There are milk, white and filled versions and low-sugar recipes (so you can eat them every day apparently) and chocolate containing quinoa and rye.  But the plain, dark squares are the ones that fascinate me and I keep nibbling and comparing – they are incredibly intense and different in taste.

Feeling as though I’ve overdosed completely and craving a week of salad to balance the amount of chocolate I’ve eaten, I take a stroll around the room to view displays of his ‘artistic collaborations’. Pierre has worked with designer Tom Dixon making striking pink boxes stamped ‘London’ swooned over by Wallpaper as much as food reviewers. Pop art, pouty lips, kohl-rimmed eyes and witty phrases made limited edition boxes created with fashion designer Olympia Le Tan into collectors’ items.  Most recently he has created a Victoria Beckham range – chocolate hearts naturally. And there’s a bespoke ‘Dubai’ box that I predict will go down a storm.  There’s definitely clever marketing behind his brand which has made it so successful, but he deserves credit for being at the forefront of a movement to reconnect makers with the origins of their products and understand the value of the whole process.

We stand in front of the Christmas display for ages admiring the chocolate baubles and utterly gorgeous Advent calendar that’s a thing of beauty based on a fairground carousel. We’re absolutely thrilled when presented with one on our way out.

My conversion is complete – I’ve developed a daily bean-to-bar chocolate habit.

A large box with drawers of A box of Pierre Marcolini chocolates showing heart-shaped ones

Pierre Marcolini’s new shop opens in The Dubai Mall in December 2018

*Conquis – Cocoa Flower made with Nacional from Equador, Forastero from Cameroon and Trinitario from Cuba (85% cocoa solids), Ensorcelé – made with 100% Trinitario beans from the Terruño de Baracoa estate in Cuba (78% cocoa solids)**,  Fasciné made of Nacional beans from Hacienda Puerto Romero in Los Rios, Equador (78% cocoa solids) and Exalté made of rare Gran blanco beans that grow on the Las Pampas plantation in Peru.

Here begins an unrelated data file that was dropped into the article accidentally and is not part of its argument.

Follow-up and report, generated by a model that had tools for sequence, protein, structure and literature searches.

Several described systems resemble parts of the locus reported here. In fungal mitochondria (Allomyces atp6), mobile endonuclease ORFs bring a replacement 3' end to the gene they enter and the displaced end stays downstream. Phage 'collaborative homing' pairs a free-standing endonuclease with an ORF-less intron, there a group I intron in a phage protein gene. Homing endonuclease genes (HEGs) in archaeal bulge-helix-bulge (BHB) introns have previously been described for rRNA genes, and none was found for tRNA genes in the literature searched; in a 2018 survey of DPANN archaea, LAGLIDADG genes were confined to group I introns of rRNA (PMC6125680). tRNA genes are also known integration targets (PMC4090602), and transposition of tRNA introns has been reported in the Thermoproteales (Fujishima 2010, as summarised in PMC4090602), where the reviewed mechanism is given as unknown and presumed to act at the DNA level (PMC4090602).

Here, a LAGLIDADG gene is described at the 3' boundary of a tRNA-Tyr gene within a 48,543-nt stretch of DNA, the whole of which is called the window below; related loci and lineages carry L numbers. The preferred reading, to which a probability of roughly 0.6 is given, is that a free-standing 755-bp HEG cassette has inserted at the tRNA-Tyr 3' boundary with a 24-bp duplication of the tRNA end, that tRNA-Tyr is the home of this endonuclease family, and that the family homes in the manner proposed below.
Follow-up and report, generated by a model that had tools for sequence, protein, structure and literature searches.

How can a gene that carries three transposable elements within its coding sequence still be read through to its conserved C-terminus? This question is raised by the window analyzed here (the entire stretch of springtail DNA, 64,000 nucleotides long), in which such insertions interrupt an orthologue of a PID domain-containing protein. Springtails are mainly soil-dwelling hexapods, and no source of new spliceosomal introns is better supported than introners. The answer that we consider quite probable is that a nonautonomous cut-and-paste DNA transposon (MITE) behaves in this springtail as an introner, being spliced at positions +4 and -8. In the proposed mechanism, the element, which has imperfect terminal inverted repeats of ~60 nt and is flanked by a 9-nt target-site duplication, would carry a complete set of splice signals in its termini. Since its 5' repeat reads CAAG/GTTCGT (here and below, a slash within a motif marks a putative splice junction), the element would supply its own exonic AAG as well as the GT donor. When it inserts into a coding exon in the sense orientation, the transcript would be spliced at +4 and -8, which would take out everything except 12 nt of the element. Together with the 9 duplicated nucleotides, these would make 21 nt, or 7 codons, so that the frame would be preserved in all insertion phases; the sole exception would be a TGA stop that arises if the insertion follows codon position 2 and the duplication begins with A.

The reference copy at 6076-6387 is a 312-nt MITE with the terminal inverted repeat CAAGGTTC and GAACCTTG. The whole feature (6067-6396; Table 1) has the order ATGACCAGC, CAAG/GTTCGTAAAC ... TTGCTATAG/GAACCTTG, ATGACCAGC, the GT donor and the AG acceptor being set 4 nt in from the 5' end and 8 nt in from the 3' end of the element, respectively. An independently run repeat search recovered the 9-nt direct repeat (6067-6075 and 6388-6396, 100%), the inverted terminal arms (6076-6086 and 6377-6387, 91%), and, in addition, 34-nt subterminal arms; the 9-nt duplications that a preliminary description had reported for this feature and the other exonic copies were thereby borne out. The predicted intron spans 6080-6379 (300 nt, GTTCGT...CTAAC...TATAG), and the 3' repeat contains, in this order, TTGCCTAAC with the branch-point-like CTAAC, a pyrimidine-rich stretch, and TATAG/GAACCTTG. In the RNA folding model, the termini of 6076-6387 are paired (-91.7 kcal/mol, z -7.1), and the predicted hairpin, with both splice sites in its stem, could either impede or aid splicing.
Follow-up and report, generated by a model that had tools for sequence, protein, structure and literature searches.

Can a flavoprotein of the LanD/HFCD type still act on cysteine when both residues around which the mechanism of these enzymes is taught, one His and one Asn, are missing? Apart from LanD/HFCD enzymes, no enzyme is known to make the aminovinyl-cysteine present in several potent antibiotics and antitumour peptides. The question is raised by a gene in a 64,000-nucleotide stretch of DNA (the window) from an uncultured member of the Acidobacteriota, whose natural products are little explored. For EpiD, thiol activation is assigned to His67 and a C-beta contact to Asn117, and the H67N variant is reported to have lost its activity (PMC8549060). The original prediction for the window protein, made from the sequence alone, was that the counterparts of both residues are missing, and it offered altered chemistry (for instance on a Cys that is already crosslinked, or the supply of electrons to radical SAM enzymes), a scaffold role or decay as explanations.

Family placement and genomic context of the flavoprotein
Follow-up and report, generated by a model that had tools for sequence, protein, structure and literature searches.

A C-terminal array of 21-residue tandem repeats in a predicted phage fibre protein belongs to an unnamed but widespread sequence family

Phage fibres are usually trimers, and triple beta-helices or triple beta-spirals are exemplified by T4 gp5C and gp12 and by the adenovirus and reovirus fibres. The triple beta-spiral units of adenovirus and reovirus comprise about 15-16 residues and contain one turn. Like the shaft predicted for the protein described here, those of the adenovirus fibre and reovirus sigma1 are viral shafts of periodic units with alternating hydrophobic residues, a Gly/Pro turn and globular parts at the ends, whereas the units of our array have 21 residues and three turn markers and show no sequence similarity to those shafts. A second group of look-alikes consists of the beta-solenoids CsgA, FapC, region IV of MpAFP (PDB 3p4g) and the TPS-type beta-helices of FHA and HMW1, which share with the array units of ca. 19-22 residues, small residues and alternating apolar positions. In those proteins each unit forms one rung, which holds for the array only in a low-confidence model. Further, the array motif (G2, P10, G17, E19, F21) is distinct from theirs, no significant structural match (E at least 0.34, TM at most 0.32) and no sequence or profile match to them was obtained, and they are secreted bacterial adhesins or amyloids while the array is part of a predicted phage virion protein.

**Judith of Mostly about chocolate describes the taste of Orient de Cuba here.

Other chocolatiers I like: Although not much of a chocolate eater, I’m a chocolate giver and have ordered presents from the Hotel Chocolat website in its very early days and it always goes down a storm. They now grow their cocoa on a plantation they own in St Lucia and are committed to a very detailed and impressive ‘engaged ethics‘ programme.

In Dubai we are lucky to have a small chocolate maker Mirzam who roast their own beans and produce their chocolate from bean to bar. You can actually see them do it through their glass sided production area at their shop in Al Quoz. The flavours are stunning – figs, star anise and cinnamon; rose; white chocolate with saffron to name a few. The bars look beautiful too as they commission artists to design the wrappers.

A box of Pierre Marcolini chocolates

So did you know there was so much behind chocolate growing, sourcing and making? How far on the chocoholic scale are you?

When a sommelier comes for supper – and Tim Tam truffles recipe

December 12, 2018

Tim Tam Truffles on a baking tray

Until I was given a packet of them, I had no idea of the existence of Tim Tams. Then I started Googling (“are Tim Tams like Penguin biscuits?”) which unleashed a storm of righteous indignation and I realised they are very dear to Australians.  The Tim Tams were part of a small box of goodies from Australian winemaker Jacob’s Creek, which also included melon, mango and Vegemite, for a special menu. Friends were coming over for supper, I was cooking, and Jacob’s Creek’s sommelier Abhinav was bringing the wine.